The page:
From the very beginning Baz Luhrmann’s production of The Great Gatsby promises an epic visual spectacle, and because of his unique vision he delivers on a level like no other. That said, if you’re hoping The Great Gatsby lives up to what some deem to be the greatest American novel in history, then don’t bother with Luhrmann’s latest flick. Once you look past the visual spectacle of bombastic sounds and vibrant colors, one is bound to be dissatisfied with the empty structure Luhrmann’s production has left for the viewer to piece together.
The plot to The Great Gatsby is simple and its set up doesn’t deviate from F. Scott Fitzgerald’s novel. The roaring twenties is in full bloom, and our narrator Nick Carraway (Tobey Maguire) has just moved to New York City during the summer of 1922. Across the way is the elusive war vet known simply as Gatsby (Leonardo DiCaprio), a would-be millionaire that throws lavish parties for all. He has the clothes, the best entertainers, and the most decadent in home design. Setting him apart from the world of excess in wealth, once Carraway receives an invite to said party and indulges in Gatsby’s lifestyle; he brings forth an observant role to his surroundings. Carraway’s cousin Daisy (Carey Mulligan) is in a constricting marriage to old money man Tom Buchanan (Joel Edgerton) but has a past with the mysterious Gatsby that ultimately reveals the millionaire to all parties involved as nothing more than a facade.
The same could be said about Luhrmann’s ultimate vision of The Great Gatsby. By not twisting any concrete plot details to the film, Luhrmann gives off the illusion that he’s done a solid job with directing a true to story adaptation, but it’s misleading. The hyper-glossed visuals oftentimes so excessive, the film looks like it was put through a Gaussian filter for Instagram lovers. While that could impress the millennial generation, all it really does is mask the fact that there’s no bones outside of the basic skeleton Luhrmann has to work with. The moral of the story about how prominent the strife was to capture the American dream is to people of this era completely escapes Luhrmann’s film. Instead his film acts as mental masturbation, by swallowing the story up in an artificial world universally celebrated by the characters. Sure it all looks spectacular but it does nothing to flesh the story out.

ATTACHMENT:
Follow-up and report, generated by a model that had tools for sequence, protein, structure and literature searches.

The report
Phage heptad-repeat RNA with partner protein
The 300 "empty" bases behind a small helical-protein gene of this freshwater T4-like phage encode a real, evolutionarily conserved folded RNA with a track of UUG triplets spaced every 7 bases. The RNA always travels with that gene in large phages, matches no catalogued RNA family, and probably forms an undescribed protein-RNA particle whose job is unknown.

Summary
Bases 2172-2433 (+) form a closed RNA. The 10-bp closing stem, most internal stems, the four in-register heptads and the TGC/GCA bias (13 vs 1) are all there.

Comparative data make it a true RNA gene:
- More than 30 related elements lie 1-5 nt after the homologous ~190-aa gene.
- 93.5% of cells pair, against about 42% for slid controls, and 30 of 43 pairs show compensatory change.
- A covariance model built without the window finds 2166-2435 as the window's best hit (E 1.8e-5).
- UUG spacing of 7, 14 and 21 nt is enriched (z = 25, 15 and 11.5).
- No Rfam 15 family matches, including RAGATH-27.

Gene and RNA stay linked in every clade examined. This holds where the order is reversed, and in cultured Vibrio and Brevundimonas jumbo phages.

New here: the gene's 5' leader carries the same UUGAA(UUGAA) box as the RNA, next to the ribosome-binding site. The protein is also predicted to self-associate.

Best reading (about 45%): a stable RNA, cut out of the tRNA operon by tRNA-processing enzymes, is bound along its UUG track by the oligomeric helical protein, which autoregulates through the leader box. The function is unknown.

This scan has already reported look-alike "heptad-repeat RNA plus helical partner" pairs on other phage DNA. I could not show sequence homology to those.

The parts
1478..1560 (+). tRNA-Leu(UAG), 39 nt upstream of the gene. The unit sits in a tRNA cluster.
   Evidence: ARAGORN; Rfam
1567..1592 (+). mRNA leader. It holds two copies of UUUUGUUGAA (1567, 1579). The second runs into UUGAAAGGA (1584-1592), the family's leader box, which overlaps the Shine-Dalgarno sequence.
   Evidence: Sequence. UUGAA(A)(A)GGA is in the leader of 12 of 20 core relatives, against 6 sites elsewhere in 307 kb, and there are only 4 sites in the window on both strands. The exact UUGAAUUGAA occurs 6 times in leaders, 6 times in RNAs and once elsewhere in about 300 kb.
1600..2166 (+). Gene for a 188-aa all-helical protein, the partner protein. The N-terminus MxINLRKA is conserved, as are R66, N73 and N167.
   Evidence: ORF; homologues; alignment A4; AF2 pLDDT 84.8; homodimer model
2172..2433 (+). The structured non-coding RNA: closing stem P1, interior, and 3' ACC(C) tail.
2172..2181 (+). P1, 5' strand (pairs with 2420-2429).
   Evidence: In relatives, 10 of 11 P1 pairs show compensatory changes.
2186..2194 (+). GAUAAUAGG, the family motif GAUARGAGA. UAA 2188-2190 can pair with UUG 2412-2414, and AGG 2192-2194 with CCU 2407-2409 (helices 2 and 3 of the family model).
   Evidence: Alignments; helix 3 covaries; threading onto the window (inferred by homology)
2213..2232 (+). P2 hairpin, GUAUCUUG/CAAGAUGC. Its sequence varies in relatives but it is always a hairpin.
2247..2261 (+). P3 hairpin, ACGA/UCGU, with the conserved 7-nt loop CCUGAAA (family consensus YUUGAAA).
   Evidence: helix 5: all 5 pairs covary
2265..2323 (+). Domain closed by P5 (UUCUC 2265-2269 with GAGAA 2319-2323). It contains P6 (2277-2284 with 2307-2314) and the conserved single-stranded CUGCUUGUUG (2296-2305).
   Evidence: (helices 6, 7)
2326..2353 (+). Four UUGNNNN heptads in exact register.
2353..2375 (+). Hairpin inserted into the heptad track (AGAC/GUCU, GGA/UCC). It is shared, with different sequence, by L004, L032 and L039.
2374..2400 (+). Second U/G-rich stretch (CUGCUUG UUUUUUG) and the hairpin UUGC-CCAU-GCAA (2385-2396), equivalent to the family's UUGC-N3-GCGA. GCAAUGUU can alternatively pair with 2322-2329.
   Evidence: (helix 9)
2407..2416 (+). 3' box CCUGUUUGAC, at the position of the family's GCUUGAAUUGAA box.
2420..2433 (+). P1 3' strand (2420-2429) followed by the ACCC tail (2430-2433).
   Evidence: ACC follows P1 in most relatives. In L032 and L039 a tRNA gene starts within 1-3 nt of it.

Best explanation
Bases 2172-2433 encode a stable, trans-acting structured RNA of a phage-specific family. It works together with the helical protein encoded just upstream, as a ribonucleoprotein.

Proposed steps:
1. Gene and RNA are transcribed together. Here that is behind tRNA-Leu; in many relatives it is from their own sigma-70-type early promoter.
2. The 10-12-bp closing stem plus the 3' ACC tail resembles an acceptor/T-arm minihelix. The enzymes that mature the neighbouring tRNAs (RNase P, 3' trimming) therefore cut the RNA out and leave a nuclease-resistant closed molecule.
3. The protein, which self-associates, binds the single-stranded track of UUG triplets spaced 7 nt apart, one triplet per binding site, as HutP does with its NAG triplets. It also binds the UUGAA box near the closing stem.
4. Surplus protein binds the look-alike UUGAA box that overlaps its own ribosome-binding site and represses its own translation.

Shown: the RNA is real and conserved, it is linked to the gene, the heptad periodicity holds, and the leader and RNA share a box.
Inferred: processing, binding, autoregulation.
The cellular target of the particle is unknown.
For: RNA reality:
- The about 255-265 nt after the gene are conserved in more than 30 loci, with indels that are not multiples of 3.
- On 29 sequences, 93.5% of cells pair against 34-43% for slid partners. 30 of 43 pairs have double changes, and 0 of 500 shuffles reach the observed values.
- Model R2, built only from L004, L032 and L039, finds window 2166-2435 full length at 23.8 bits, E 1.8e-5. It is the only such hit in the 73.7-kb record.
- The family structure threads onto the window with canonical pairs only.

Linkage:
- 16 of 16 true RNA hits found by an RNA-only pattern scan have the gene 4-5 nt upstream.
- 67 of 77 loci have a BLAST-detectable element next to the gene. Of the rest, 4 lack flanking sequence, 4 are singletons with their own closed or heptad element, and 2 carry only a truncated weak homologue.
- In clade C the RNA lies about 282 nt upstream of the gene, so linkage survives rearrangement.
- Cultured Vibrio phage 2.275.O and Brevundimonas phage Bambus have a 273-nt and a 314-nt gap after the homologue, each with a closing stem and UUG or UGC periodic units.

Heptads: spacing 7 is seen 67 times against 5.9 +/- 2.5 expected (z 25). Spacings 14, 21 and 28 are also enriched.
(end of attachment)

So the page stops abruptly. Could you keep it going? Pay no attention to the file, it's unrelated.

When the actors are given something to do most of them succeed. Leonardo DiCaprio is the perfect Jay Gatsby, and has one of the best climatic introductions of any film. The build up to his character is certainly climatic, with Carraway narrating the wonder of who Gatsby really is in juxtaposition to the outside perspective of various illusive stereotypes that plague his image. Gatsby is a man who is said to have a smile that has “a quality of eternal reassurance” and as DiCaprio turns around with fireworks exploding behind his frame, you believe it. For DiCaprio, one could easily deduce that there’s something pulling him towards the character. Growing up in the industry and often being portrayed as different versions of himself proves to be a perfect fit for the pedestal Gatsby is perched on. Seeing DiCaprio in the role of the deceiver isn’t something new for him, but in a few select scenes he emotes in ways we haven’t seen from him in a few years. One highlight of the film happens in a hotel room that sees all of the hidden relationships collide in an explosive way that is served by fantastic performances by both Edgerton and DiCaprio.
As far as performers that are essentially wasted, Isla Fisher’s character is completely thrown away and is just used as a plot device. It’s a shame as the actress has proved to be a dynamic personality on screen, and definitely one that could have suited Luhrmann’s world. The lowest of the low goes to Carey Mulligan who takes the role of the superficial, unhappy wife, and drapes herself lifelessly against the lavish sets. She’s all the glitz of Marilyn Monroe without the spark. In most scenes it’s a head scratcher to why Gatsby would go through all the trouble to create such an image for Mulligan’s Daisy.
The cartoonish world created for The Great Gatsby is a perfect fit for Tobey Maguire, who is surprisingly engaging as the narrator. On the flip side, the hip soundtrack used to modernize and offset the film completely distracts one from being truly taken with the world created from the twenties. For instance, when an antique car bumps to Jay-Z’s “H to The Izzo” it gets a huge laugh, but for all the wrong reasons. Its this kind of noncommittal by Luhrmann that makes The Great Gatsby dim in its overall luster.
THE GREAT GATSBY IS OUT IN THEATERS NOW.